Monday, December 26, 2016

Christmas Traditions by Mary Manners

Christmas Traditions

by Mary Manners

The older I get, the more I reflect on the earliest Christmas traditions of my childhood, instilled with the love of my parents. Not the big things, but those little things that lay nestled in my heart like spoonfuls of warm chicken noodle soup. As a child, the holidays were carefree and easy (at least from my perspective--I'm sure my parents felt differently). Memories laced with kindness, laughter, and sharing live on.
Weeks before the blessed day Mom commenced to baking mounds and mounds of cookies.  Sweet and flavorful ingredients, pans, mixing bowls and spatulas spread across our small kitchen table like platoons of toy soldiers ready for battle. Decorated tins were carefully filled with macaroons, thumbprints, peanut butter balls and sugar-sprinkled cut-outs. My siblings and I reveled in the sampling. The entire house bloomed with a fragrant warmth that remained for the season.
Dad's job was Head Tree Decorator. Not an easy task with five young, excited, and restless children in tow. No matter how cold or snowy, we always piled into our 1967 Chevy station wagon and ventured to the local tree lot to find the perfect spruce. Nearly five decades later the scent still lingers in my mind. After returning home with the prize, ornaments from age-old boxes were divided among our eager hands. We fidgeted as Dad strung the lights. Mounds of tangled strands never deterred. As a child, I believed Dad could untangle anything--both literally and figuratively. Following the hanging of the ornaments (one or two typically shattered as we placed them) came tinsel (yes, good old-fashioned shimmery strands) that floated like liquid silver as we tossed it at branches. Oftentimes it proved more fun to decorate each other than the tree!
For me, Christmas is filled with light...the crisp white luminaries that lined our front walk, a blinking plastic Santa peeking into the night through the living room window, scented votive candles. Even now, each time I light a candle I am transported back to those earlier days.
Through the years my family's traditions have changed. Children have grown and moved on; Dad has passed to his heavenly reward. The holidays are less hectic while memories sustain. Gone is the chaos of youth, replaced by a gentle peace that chases away the chill. Old traditions merge with new, creating new blessings and memories. It's at once the beginning and the end, bittersweet and beautiful.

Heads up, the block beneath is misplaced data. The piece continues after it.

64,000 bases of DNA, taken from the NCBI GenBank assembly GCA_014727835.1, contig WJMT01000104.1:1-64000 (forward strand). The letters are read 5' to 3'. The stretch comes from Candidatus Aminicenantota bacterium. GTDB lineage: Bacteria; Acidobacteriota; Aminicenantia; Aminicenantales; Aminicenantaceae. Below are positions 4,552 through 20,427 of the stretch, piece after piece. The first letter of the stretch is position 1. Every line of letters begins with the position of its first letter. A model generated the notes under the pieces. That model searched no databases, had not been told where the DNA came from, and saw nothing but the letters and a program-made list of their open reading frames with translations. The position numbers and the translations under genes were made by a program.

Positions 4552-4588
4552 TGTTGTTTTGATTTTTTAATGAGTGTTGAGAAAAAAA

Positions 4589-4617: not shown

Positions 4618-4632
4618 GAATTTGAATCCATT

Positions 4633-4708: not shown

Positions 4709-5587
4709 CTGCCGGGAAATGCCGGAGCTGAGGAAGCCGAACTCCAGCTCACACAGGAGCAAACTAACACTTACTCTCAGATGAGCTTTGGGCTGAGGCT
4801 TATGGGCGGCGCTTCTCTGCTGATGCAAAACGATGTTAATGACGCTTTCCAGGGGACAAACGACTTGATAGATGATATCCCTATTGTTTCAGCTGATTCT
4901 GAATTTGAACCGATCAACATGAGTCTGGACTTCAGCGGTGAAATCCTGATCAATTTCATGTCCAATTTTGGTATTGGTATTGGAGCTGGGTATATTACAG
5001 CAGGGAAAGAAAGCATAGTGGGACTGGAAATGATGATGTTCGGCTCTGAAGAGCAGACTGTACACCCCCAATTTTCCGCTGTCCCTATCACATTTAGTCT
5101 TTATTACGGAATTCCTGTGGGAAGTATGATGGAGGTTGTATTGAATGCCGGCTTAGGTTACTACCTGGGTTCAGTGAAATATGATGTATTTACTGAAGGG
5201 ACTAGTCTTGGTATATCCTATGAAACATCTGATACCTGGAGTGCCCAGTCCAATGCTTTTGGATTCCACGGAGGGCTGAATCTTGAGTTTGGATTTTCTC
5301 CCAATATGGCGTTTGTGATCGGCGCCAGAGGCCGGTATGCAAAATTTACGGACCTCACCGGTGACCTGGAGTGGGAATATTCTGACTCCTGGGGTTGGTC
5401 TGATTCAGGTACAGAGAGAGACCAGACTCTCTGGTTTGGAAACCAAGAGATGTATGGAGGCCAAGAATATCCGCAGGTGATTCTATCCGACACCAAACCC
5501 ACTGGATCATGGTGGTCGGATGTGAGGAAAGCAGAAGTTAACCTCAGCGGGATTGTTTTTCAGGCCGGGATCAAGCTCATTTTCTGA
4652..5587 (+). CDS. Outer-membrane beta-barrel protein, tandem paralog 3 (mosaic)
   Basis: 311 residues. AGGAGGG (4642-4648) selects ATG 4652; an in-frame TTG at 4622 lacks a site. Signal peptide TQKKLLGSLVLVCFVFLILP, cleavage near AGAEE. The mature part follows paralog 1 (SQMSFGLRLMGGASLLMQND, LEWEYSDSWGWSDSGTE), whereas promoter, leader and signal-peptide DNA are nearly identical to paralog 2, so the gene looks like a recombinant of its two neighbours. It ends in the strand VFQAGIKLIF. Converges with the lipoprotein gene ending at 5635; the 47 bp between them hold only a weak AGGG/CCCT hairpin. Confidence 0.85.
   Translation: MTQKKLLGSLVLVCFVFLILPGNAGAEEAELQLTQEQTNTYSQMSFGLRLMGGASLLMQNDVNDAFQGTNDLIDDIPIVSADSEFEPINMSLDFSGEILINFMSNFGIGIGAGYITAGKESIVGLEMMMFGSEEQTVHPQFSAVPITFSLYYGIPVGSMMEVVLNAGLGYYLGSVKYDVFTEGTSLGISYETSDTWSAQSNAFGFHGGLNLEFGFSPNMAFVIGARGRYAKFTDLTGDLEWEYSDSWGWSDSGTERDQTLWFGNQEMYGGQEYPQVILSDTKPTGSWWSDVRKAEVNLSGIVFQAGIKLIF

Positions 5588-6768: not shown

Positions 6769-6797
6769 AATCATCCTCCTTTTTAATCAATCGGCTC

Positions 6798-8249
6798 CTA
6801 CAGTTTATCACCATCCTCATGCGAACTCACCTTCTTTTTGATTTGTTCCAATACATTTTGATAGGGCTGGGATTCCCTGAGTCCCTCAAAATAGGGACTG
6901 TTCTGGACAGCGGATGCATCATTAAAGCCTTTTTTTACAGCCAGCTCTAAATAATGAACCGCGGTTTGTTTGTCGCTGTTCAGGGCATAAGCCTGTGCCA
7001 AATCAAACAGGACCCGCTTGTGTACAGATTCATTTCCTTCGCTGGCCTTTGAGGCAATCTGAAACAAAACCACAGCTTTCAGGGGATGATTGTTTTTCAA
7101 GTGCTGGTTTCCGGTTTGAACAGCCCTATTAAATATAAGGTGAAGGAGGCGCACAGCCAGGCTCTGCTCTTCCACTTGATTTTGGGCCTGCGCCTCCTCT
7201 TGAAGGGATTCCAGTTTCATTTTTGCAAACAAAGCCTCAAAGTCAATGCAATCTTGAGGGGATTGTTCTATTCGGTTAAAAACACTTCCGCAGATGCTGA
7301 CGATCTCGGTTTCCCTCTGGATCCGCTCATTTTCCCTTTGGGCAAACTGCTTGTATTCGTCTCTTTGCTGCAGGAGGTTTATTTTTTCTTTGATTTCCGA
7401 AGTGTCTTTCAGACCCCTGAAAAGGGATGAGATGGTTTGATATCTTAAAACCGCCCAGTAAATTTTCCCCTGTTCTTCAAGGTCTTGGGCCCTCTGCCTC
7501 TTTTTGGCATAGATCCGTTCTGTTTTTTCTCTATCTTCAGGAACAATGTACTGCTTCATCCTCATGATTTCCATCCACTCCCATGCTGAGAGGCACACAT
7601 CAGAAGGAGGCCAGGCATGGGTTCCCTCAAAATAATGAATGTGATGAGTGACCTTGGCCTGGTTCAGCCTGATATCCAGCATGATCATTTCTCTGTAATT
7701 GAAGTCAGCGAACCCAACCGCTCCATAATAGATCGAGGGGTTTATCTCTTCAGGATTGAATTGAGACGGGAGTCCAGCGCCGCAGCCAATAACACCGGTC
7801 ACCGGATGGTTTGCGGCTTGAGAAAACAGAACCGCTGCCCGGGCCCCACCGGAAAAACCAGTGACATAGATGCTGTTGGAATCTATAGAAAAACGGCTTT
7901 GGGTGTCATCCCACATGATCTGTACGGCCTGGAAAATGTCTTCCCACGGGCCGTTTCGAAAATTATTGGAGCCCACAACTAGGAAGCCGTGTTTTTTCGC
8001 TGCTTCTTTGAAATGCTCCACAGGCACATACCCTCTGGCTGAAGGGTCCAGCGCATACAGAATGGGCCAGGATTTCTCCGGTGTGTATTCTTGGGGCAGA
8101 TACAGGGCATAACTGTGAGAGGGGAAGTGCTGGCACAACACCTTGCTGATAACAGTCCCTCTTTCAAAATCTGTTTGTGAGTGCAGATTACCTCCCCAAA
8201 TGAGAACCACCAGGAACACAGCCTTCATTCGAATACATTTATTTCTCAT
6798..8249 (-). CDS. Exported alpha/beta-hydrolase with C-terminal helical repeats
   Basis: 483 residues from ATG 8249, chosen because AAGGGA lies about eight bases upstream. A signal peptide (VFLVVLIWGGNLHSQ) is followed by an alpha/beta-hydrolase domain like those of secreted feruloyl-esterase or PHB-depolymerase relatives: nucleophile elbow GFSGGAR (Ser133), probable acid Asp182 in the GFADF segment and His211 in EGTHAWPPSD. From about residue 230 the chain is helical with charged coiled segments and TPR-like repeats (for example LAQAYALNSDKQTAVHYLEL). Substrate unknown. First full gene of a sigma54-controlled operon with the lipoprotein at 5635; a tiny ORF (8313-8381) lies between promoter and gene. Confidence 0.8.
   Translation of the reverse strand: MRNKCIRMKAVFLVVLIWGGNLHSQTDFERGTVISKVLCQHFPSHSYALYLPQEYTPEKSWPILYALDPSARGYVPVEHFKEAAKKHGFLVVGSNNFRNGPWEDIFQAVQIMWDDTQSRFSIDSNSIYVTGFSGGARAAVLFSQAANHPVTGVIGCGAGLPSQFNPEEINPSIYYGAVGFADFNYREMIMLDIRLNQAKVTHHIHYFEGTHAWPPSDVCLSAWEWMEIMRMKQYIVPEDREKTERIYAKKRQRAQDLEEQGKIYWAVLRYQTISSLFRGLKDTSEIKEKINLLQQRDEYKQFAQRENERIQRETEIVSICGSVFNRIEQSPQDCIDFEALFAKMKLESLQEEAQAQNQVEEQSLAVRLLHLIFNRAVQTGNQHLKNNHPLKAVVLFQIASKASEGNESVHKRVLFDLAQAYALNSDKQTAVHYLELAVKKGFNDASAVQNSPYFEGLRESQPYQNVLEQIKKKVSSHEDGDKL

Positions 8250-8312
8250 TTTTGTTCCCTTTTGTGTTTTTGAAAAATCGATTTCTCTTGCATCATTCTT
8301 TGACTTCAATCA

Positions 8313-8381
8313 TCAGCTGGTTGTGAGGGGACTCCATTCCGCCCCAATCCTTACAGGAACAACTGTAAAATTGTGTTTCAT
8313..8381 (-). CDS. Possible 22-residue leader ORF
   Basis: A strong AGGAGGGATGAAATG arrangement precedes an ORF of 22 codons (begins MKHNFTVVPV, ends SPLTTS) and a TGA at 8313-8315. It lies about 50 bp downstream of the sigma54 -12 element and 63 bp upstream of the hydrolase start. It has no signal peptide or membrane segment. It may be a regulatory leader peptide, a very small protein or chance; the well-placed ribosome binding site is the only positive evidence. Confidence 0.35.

When Emilee Lancaster’s aunt calls her home to Hope Creek for the holidays, Emmy readily agrees to assist with a charity event at the family theater—until she finds herself front-and-center stage with her high school flame, Jayson Taylor. She’s not thrilled about the pairing, but she’s made a promise to her aunt, and unlike Jayson, she keeps her promises.
Jayson Taylor makes his living building sets for Dahlia Brewster's Family Theater. When the Christmas show's emcee falls ill, Dahlia asks Jayson to step from the backstage and into the limelight. He's more comfortable working behind the scenes, but the country-singing superstar has always treated him like a favorite son, so Jayson reluctantly agrees. Center-stage at Christmas—especially beside dream-chasing Emmy Lancaster, who once ran off and broke his heart—is not where he planned to be.
But God has other plans, and what happens when the curtain falls and the stage lights dim truly reflects the heart of this holiday season.
Mary Manners is a country girl at heart who has spent a lifetime sharing her joy of writing. She has two sons and a daughter, as well as three beautiful grandchildren. She currently lives along the sunny shores of Jacksonville Beach with her husband Tim.
A former teacher as well an intermediate school principal, Mary spent three decades teaching math and English to students from kindergarten through middle grades. While growing up in Chicago and as a student at the University of Illinois, Mary worked her way through a variety of jobs including paper girl, figure skating instructor, pizza chef, and nanny. Many of these experiences led to adventures that may be found between the pages of her stories. Mary loves long sunrise runs—she’s completed three marathons—ocean sunsets and flavored coffee.
Find out more about Mary on her website: “Like” her author page on Facebook and follow her on Twitter.



  1. Mary, I think as we mature we treasure those memories. I know I do. The Christmas' spent with my parents- both of whom have long since left this world - are so fresh and precious in my mind. My Christmas now is much different, but I treasure it just as much knowing how blessed I am by God.

  2. I agree, Terri and Mary, I treasure those memories too. And I think about them differently than I did before. Memories are a special kind of treasure. Thanks for sharing!


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